The use of full references in the text is also good for learning about your field. When you see the same references over and over, that should tell you something. Then you can revel is all your geeky academic glory at cocktail parties by casually mentioning “Pearson, 1901” to a colleague – which sounds much better than saying, “…reference number 3 from this paper I just read.”

  48. Mike Taylor Says:

    Yes, absolutely. Author+date citation are themselves information, not merely pointers to where information can be found.

  49. Just a relativistic quibble (I like to complain, I guess):

    In connection to Dahly’s statement that when “you see the same references over and over, that should tell you something,” Mike says:

    Author+date citation are themselves information, not merely pointers to where information can be found.

    This shouldn’t differ from the repeated appearance of a [number] in place of a alphanumeric in-text citation. The difference is in how we perceive the reference. As Ridegway’s argument above goes, readability of a sentence increases when one is familiar with the topic, or some of the references, than when one has plugged only numbers in. Numbers prefer raw data entries, are shorter, and yes ultimately drier and less readable. They require you to scroll to check what you should be looking at, and this is their biggest pain. But … words for the unfamiliar require the same thing. Where words differ most strongly is that the printed word becomes more prevalent than it would otherwise be. I might even suggest that it can border on the egoistic to prefer to see one’s [name] printed over and over in the text than to see “[number]” instead. This may then be a psychological distinction that detracts from the scientific brevity desirable in citation.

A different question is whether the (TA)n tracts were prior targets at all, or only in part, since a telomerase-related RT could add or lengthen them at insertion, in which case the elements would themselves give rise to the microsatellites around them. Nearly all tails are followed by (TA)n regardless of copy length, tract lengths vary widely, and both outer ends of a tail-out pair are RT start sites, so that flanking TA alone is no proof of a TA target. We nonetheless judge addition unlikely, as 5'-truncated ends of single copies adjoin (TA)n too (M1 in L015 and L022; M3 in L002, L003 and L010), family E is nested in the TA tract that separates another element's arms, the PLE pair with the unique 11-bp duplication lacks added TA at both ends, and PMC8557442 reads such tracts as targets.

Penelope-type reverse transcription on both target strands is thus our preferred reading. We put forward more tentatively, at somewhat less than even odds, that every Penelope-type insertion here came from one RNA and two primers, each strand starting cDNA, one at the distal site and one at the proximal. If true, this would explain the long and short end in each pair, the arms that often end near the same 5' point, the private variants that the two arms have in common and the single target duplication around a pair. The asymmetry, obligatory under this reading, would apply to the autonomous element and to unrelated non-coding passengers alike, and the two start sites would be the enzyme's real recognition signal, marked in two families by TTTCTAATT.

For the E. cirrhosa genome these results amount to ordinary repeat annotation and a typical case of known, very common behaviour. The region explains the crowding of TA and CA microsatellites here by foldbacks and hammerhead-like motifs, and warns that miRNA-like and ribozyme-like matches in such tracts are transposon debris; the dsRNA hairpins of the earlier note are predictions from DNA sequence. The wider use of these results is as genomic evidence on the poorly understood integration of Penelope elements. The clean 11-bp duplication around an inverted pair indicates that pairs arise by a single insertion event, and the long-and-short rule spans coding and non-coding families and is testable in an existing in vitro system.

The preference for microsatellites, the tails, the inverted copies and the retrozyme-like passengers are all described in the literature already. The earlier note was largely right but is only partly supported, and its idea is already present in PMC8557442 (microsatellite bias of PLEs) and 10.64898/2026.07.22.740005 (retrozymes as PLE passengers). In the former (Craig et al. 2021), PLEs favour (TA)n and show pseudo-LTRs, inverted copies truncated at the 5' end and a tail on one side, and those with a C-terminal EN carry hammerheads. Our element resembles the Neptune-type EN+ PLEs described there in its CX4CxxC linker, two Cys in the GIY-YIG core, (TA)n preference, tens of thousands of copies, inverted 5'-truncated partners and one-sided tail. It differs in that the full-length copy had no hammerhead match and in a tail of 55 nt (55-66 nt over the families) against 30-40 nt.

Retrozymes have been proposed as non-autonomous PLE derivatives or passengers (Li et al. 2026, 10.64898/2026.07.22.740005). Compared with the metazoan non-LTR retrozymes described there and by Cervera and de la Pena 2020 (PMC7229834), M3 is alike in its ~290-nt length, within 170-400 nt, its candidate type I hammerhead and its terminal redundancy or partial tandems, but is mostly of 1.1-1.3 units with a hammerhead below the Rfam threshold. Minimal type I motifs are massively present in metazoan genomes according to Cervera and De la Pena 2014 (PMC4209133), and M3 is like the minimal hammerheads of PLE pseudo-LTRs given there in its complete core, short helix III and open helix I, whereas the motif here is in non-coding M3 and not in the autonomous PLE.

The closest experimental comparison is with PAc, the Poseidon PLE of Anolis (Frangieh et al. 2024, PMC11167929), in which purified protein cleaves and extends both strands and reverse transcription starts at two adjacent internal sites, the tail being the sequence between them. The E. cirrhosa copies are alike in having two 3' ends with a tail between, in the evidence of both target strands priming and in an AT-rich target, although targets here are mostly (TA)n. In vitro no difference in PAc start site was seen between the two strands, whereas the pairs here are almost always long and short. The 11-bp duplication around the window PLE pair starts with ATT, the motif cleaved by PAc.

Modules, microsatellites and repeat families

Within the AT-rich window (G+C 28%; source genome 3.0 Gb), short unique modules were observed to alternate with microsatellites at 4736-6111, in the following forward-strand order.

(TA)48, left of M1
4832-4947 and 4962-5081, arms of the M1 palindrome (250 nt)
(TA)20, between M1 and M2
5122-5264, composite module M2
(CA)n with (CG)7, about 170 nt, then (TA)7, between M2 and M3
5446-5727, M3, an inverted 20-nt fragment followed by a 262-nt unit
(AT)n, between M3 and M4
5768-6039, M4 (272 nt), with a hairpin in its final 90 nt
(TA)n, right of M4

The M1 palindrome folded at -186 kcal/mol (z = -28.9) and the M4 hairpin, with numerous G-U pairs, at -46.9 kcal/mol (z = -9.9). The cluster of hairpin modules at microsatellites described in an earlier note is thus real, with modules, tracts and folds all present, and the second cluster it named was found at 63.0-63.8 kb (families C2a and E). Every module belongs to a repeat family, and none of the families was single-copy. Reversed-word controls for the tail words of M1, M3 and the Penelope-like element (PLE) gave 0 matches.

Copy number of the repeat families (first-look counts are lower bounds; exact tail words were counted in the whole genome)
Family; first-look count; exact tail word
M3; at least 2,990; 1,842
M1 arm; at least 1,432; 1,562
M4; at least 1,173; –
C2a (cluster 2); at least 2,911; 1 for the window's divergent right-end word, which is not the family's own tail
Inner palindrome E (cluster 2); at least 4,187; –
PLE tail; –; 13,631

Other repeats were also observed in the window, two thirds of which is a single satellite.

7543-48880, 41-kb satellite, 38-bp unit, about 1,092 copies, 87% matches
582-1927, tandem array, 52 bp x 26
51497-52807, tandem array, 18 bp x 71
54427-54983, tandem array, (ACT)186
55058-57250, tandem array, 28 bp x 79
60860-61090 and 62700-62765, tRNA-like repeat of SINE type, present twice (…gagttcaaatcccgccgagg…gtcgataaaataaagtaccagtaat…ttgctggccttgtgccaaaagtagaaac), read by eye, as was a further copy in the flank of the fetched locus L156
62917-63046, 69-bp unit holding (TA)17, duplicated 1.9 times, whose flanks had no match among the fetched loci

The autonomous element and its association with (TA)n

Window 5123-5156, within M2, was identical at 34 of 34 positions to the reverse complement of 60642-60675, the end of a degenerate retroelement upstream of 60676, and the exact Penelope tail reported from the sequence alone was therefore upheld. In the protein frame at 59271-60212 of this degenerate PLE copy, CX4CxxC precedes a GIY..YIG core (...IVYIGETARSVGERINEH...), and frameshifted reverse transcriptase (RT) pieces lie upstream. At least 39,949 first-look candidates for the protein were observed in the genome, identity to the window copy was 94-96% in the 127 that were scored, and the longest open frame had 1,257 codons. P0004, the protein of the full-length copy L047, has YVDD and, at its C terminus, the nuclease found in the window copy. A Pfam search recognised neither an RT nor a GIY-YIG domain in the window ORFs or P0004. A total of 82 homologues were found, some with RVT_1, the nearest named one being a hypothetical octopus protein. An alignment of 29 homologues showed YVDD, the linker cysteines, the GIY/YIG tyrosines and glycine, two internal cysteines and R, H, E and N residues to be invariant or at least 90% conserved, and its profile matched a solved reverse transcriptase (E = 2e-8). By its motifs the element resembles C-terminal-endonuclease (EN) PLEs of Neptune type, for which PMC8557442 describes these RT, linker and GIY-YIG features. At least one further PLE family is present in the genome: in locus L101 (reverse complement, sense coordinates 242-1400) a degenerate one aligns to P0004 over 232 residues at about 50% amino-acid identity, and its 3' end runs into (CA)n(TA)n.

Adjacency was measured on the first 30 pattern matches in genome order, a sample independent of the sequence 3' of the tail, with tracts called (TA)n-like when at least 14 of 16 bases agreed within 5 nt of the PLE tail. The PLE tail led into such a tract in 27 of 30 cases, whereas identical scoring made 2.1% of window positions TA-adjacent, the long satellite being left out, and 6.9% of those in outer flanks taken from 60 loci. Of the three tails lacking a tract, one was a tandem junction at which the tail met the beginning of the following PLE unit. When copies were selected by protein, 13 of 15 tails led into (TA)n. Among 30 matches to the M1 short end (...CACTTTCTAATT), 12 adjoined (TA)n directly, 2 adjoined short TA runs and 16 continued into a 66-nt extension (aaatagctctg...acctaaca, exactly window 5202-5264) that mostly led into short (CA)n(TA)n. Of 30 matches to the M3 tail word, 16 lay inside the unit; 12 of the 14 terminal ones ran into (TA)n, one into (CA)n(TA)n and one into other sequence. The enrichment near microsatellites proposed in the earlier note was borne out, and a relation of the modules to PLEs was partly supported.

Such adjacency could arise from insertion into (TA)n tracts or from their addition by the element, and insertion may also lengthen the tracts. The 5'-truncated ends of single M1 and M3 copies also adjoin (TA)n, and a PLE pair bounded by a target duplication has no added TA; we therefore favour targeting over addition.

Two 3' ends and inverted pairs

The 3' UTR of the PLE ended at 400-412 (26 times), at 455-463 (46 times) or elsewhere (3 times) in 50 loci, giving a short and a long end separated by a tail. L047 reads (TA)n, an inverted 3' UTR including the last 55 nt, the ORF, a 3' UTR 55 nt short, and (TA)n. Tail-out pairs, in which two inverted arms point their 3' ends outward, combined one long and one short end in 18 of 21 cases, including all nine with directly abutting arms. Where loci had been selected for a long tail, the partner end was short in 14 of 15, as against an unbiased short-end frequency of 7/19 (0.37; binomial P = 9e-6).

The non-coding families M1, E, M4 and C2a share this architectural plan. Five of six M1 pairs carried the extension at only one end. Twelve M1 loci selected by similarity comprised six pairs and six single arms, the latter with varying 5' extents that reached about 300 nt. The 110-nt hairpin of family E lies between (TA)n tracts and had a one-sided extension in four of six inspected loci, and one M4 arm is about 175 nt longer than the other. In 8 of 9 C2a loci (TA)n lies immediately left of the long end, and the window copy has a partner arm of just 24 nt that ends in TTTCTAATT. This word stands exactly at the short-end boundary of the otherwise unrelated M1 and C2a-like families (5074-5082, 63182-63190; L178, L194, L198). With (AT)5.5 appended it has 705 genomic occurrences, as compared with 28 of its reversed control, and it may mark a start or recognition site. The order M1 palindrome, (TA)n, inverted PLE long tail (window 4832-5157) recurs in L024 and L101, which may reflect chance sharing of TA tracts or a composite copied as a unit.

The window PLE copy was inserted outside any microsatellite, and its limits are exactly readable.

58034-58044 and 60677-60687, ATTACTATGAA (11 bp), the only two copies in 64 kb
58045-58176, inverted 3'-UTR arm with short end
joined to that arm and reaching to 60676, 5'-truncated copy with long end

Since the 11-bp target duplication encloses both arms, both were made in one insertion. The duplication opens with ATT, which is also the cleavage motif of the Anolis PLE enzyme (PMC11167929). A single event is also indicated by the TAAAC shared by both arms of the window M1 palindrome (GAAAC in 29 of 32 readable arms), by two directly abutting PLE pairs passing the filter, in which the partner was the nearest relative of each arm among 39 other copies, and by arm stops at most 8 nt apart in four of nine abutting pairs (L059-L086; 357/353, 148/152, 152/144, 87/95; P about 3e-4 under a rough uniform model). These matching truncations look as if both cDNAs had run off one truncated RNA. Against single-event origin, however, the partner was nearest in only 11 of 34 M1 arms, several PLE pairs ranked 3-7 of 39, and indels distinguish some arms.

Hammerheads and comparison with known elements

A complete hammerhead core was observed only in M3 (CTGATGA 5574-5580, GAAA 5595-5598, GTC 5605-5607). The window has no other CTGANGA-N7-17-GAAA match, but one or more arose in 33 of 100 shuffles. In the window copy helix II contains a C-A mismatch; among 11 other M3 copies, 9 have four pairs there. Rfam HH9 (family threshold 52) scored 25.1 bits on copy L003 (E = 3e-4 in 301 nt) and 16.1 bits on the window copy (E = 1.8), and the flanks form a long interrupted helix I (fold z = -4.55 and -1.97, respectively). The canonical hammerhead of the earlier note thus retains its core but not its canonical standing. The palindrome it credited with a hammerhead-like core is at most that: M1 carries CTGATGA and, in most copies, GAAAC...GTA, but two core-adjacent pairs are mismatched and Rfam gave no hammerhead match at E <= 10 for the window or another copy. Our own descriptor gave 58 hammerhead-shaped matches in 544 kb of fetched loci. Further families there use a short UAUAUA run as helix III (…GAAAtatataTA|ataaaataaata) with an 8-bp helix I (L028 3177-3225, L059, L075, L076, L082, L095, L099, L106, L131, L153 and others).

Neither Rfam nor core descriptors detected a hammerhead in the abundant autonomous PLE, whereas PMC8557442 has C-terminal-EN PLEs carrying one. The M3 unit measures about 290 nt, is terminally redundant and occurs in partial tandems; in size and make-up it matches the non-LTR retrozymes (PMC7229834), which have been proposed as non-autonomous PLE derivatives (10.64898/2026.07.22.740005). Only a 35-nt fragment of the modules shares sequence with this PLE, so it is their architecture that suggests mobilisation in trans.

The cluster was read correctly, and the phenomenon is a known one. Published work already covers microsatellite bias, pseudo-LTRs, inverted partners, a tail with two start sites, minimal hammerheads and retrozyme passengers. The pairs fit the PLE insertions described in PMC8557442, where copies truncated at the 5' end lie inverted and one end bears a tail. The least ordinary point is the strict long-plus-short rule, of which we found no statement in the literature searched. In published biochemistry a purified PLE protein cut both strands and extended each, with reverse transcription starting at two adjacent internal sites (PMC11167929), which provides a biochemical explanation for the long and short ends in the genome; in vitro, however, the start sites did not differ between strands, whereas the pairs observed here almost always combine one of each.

Nonetheless, I agree that PLoS ONE should switch to alphanumeric cites, as this agrees with most other journals (in bio and paleo fields, anyway), and for other reasons stated by Mike and commenters.

  50. […] had occasion to be critical of them, I’ve also been critical of Palaeontologia Electronica, PLOS and Royal Society publishing, among others; and I have praised Elsevier when they’ve done […]

  51. […] am preparing a manuscript for PLOS ONE, which uses numbered references rather than author+date citations like sane journals. And I am hating it. I am taking perfectly […]

  52. Kenneth Carpenter Says:

    PLoS An Unpleasant Experience

    I finally bit the bullet and submitted a paper to PLoS One. It will probably be my last.

    Hate the [numbered references]. Adding a new reference meant changing all the numbers of the references AND in the text. It is really easy to screw that last part up. I wasted so much time verifying references after rearranging paragraphs and adding new references in different paragraphs on the same page (“let’s see, number 17 became number 23, or was that 24? No, I think it is now 22. No, wait, I added a new number 17. I also deleted 19, so now does that make 17, which became 24, now 23? Ah shit! start all over!”). This mess certainly explains why I have caught erroneous references in PLoS papers (names withheld to protect the guilty). Name-Date will not change and in fact stays the same regardless of how much rewrite I do. I suppose you could start with name-date and change these to numbers when you have finished the manuscript as I initially did. But then came the BIG screw up during the post-review revision.